Had an enjoyable time last night at “Dark and Pretty Flat,” a dance performance and multimedia presentation put on by Esmé Boyce Dance. The series of eight linked pieces flowed seamlessly from one to the next against a rolling video backdrop, of wooded roadsides and watery depths; atmospheric guitar playing, both live and looped; and spoken word poetry. The four dancers, in costumes that bore a wood grain texture in gray and peach hues, were sometimes on the floor all together, in pairs, or solo. Carving space with their articulate arms, hands, fingers, legs, feet, and toes, they supplely shifted their weight in to rolls across the floor and shoulder tucks that brought them in to very near proximity with their own torsos, or those of fellow dancers. It was a world premiere, with all the pieces choreographed by Esmé Boyce. Beside directing her eponymous company, she collaborates with the Satellite Collective and is a member of Janis Brenner & Dancers. Other collaborators were: video artist Cody Boyce, Esmé’s brother, music and poetry; actor Ted Levine, reader; architectural designer Chat Travieso, set designer; artist Sue Julien, the two Boyce’s mother, costume designer—she chose the wood grain fabric, and cut the costumes as supplely as the dancers moved.
The performance was at a lower east side combined theater and bar venue Dixon Place, a new one to me. Entering at 161A Chrystie St, between Rivington and Delancey, you walk in on a narrow bar, while small tables, chairs and sofas and a tiny stage are in the back. In that rear area is a stairway down to the basement where there’s a large theater, with upwards of 50 seats in banked rows. As a New Yorker for nearly thirty years, it still fascinates me to discover spaces like this, caverns tucked away beneath the rumbling streets and subways, renovated and built out for creative endeavors. The establishment has a great vibe, whether upstairs or down. It was particularly nice to see Kit Boyce, friend of many years, husband of Sue Julien, father to Esmé and Cody, friends who I first met in Chicago, in the years I regularly went there to visit Franconia College classmate Robert Henry Adams.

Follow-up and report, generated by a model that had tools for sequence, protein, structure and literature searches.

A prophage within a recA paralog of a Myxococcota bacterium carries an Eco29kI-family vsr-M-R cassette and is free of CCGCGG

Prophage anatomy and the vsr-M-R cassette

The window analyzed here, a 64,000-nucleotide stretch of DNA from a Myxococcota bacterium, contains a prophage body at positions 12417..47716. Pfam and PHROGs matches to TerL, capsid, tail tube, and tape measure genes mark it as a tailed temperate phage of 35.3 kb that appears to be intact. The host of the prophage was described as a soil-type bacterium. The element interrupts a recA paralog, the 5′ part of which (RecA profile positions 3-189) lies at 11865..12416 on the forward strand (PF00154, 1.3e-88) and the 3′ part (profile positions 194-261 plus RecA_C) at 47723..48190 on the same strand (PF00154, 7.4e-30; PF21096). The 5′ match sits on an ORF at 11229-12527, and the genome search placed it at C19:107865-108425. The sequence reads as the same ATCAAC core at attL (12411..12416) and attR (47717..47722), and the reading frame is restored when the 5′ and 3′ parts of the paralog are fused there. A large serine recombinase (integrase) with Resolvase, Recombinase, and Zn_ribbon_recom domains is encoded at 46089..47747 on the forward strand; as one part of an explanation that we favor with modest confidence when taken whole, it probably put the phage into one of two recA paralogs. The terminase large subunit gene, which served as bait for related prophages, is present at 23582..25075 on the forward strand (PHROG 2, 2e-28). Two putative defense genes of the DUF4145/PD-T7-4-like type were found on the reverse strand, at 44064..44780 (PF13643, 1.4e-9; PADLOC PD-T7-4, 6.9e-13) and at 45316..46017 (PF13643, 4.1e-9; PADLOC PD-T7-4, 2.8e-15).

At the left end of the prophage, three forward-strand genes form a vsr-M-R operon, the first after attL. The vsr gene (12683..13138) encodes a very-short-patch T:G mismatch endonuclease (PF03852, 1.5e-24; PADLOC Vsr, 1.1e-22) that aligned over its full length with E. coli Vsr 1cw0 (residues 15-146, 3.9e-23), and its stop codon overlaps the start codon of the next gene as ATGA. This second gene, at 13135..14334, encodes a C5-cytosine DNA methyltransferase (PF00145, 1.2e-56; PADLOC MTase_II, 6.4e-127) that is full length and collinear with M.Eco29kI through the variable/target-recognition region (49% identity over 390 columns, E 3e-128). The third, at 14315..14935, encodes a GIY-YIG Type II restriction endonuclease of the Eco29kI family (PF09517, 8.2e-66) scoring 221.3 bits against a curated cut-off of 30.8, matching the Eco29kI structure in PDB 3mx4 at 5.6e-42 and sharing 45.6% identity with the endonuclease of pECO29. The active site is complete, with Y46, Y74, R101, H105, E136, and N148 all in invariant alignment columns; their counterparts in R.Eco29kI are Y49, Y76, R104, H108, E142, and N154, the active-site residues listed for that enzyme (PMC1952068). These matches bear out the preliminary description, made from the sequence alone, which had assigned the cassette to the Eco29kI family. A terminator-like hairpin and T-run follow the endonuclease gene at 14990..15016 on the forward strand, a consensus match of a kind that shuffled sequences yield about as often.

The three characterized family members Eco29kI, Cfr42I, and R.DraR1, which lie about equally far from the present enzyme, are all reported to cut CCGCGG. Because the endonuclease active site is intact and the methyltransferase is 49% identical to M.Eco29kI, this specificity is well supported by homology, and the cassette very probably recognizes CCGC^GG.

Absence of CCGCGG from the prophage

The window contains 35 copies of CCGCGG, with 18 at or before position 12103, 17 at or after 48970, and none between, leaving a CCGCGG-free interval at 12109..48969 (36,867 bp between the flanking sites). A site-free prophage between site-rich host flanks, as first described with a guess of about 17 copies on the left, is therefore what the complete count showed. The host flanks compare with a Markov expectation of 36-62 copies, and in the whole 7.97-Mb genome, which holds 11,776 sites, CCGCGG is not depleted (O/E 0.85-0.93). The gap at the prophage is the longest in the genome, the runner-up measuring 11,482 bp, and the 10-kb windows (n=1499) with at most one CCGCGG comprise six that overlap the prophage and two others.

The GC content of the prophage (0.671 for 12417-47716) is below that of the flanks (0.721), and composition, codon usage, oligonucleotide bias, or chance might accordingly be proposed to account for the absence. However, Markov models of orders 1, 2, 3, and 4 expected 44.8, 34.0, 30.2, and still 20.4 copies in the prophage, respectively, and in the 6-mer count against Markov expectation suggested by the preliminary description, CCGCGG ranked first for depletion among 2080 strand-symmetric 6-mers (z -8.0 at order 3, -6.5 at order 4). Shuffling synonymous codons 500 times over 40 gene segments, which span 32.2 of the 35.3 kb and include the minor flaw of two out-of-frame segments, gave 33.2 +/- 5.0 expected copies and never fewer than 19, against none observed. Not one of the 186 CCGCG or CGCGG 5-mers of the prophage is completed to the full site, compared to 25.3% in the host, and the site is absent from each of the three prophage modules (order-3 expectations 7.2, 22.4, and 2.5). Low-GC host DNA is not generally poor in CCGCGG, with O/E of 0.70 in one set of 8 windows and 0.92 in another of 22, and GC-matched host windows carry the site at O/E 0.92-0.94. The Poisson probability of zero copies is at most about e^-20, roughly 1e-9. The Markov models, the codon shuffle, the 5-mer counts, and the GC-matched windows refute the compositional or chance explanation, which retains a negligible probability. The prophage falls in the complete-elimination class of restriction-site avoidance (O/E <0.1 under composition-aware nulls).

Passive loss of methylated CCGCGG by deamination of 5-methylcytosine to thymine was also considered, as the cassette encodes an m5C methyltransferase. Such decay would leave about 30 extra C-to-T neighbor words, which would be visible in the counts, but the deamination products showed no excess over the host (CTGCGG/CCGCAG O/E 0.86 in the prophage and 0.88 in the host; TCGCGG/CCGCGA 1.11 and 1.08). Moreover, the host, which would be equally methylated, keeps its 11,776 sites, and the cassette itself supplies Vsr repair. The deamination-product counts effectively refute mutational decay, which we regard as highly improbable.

After the dances, the full house walked back up the stairs for an instant after party in the bar and seating area. Bouquets were presented to the dancers—Esmé’s mates were Giulla Carotenuto, Kit McDaniel, and Christopher Ralph—and toasts were offered all ’round. I hadn’t been to a dance performance in years, and I found it an aesthetic pleasure to see movement, color, fabric, sound, and light all played to such intriguing effect. There’s one more performance of “Dark and Pretty Flat” tonight. I recommend it highly, or take yourself out to some dance soon.